You’re no longer emerging artists, yet you are still not quite “institutions” in Québec’s music scene. Where do you see yourself in Québec’s musical landscape?

Daniel: If the old model of our industry still existed, I think we’d be in a place comparable to where Paul Piché, Richard Séguin and Michel Rivard were in the late ‘80s, when they all launched major albums. Right now, it’s all up in the air. The good news is everything needs to be rebuilt from the ground up. I’ll say it again, it’s a job with boundless possibilities, and the future looks bright, but we really need to find a way to compensate artists for the loss of revenues.

How critical are you of your early work?

Daniel: That’s one of the upsides of our trade: we’re supposed to get better with time.

“Most themes are universal: love, lack of love, loneliness. In the end, it’s our unique personality that becomes our signature.” – Stefie Shock

Stefie: And yet, Paul McCartney hasn’t written a hit in 40 years! I’m proud of my work starting with my second album. I’m not encumbered by over-production, so I can play those songs as-is on stage, probably thanks to the fact that I did not use ugly synth sounds when I recorded them. When my first album came out (Presque rien, 2000), analog synths were already starting to make a comeback and the awful synth sounds of the ‘80s were on their way out… I feel my records have aged well, as have Daniel’s and Dumas’.

Dumas: Our trade is like a marathon, not a sprint, except it’s possible that one needs to take a break at the 25th kilometer to regroup and start anew.

What has changed the most over the past 20 years with regards to how you work?

Dumas: I’ve grown very fond of opening up more and collaborating with others creatively. When I started out, I was very self-centered, which I think is normal because you want to be assertive and carve out a place for yourself with your ideas. Nowadays, I seek collaborations and I even have a co-writer on my latest album. That allowed me to open up and that’s when this job becomes interesting and surprising all over again.

Daniel: During my first tour, I schlepped a briefcase around that was full of pieces of paper. My band members and crew were starting to get laptops, but not me: I liked writing on paper. I finally got a laptop too and said goodbye to napkins!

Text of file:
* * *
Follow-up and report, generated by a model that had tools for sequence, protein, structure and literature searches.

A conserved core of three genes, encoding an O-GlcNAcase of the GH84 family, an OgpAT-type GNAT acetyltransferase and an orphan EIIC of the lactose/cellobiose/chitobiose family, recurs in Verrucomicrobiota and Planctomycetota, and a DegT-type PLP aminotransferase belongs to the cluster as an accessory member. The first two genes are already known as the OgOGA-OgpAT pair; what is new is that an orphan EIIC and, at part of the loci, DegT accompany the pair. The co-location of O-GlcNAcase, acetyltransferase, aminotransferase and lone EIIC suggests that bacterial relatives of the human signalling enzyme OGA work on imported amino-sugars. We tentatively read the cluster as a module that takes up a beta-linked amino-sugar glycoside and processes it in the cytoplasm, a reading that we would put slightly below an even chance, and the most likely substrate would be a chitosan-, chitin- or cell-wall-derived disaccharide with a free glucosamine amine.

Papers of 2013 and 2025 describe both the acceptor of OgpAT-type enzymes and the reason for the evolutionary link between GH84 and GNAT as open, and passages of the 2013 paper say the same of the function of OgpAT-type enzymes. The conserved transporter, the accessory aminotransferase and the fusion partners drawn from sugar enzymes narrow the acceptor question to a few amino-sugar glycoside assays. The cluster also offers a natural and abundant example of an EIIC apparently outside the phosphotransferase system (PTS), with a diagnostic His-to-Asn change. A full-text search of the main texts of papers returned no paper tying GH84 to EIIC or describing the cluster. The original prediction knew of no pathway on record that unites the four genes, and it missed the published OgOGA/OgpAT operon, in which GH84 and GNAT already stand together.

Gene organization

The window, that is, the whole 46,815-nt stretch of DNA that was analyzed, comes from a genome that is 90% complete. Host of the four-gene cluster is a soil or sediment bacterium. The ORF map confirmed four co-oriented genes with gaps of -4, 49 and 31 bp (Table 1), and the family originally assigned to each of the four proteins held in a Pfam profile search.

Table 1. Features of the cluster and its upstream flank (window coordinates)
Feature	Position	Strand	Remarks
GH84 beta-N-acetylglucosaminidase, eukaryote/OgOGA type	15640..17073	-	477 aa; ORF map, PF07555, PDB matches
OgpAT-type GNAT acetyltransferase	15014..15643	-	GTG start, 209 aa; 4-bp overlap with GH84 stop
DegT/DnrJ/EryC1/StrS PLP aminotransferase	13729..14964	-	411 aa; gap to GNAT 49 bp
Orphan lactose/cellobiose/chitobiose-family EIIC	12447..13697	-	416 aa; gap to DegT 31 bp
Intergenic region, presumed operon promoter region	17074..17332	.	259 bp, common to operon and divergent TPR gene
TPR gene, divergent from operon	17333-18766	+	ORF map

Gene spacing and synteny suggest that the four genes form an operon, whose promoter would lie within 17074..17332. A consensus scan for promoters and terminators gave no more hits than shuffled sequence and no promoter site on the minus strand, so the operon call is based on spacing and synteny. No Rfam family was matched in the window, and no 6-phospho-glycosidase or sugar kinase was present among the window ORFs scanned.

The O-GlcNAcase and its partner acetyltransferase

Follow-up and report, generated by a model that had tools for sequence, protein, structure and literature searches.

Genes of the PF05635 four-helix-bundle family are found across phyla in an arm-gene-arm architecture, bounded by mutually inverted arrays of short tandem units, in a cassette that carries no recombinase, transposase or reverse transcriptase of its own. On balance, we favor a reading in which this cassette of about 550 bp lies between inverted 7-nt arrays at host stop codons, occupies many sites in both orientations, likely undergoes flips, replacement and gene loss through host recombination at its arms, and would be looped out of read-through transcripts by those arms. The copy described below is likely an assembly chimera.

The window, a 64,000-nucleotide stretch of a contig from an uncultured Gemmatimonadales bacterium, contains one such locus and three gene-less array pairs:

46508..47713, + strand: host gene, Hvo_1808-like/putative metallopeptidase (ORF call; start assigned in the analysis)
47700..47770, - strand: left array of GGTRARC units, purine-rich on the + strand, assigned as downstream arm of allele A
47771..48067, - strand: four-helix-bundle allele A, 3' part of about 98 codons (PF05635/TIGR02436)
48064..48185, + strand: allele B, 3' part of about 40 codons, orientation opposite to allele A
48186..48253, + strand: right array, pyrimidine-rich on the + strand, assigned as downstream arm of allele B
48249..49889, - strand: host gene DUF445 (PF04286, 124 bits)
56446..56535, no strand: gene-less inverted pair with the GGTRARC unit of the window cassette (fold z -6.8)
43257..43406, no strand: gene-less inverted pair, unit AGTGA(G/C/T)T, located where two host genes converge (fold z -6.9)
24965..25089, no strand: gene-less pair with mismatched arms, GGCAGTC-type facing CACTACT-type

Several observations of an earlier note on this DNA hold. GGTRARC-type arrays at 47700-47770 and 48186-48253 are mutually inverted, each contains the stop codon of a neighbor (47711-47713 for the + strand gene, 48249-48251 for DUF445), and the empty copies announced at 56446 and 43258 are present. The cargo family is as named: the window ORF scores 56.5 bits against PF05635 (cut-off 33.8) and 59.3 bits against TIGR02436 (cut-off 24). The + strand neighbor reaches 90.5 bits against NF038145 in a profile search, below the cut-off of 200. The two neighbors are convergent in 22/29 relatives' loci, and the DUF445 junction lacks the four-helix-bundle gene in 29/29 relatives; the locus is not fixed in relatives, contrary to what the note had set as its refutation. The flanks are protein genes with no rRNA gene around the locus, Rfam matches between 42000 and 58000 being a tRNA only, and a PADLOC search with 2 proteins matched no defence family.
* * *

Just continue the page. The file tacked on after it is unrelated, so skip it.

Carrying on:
Dumas: Did you ever leave yourself a voicemail with a song idea?

Daniel: I don’t think I even had a cell phone back then!

Stefie: I still write with a pen and paper. I can’t seem to get my stuff together with a keyboard. I still carry a pile of papers with rhymes and ideas that could come in handy. The big difference for me is being able to cut record-quality tracks right at home. Technology is a big money-saver in that regard.

Have your themes, preoccupations and sources of inspiration changed over time?

Daniel: That’s very interesting: for my new album, the music came really easily, but I struggled with the words.

Dumas: A lot of that has changed for me, too. Maybe it’s the fact that I’m getting older, but I write a lot less than I used to. Writing with someone else did me a lot of good. It allowed me to have a different perspective on themes I’ve touched upon before, it was very refreshing.

Stefie: To me, things have changed simply because of what life has thrown my way. I try to stay in phase with the Now, to remain true to those emotions, I don’t go out of my way to write about stuff I’ve never written about before.

Daniel: Growing old is a form of renewal, too…

Stefie: I believe there are no bad song topics, it’s all in how you write about it. I write what I feel, and I think it’s the same for Dumas and Daniel. Most themes are universal: love, lack of love, loneliness. In the end, it’s our unique personality that becomes our signature.

Cape Breton, Nova Scotia, is home to many noteworthy SOCAN members, including award-winning fiddler Natalie MacMaster, country-folk music group The Rankin Family, Celtic/pop band The Barra McNeils, and Grammy Award-winning singer-songwriter Gordie Sampson. Nova Scotia is also home to SOCAN-licensed Ceilidh’s Pub – a neighborhood bar and eatery in Dartmouth, well-known for its Cape-Breton-style live entertainment and Gaelic folk music.

The East Coast business opened its doors in 2013, and has grown a loyal crew of musicians and songwriters that visit regularly to perform on both weekdays and weekends to a crowded house of Maritimers.

“I wanted to bring that traditional Maritime kitchen party atmosphere into the pub,” says owner Roseanne MacKinnon. “Music is a huge part of Ceilidh’s Pub. After all, the name ‘Ceilidh’ represents a gathering of friends and family enjoying music, dance, stories and fun.”

A variety of traditional music written and composed by Cape Bretoners can often be heard playing in the background. The pub also hosts weekly open mic nights with traditional live fiddle music on Fridays.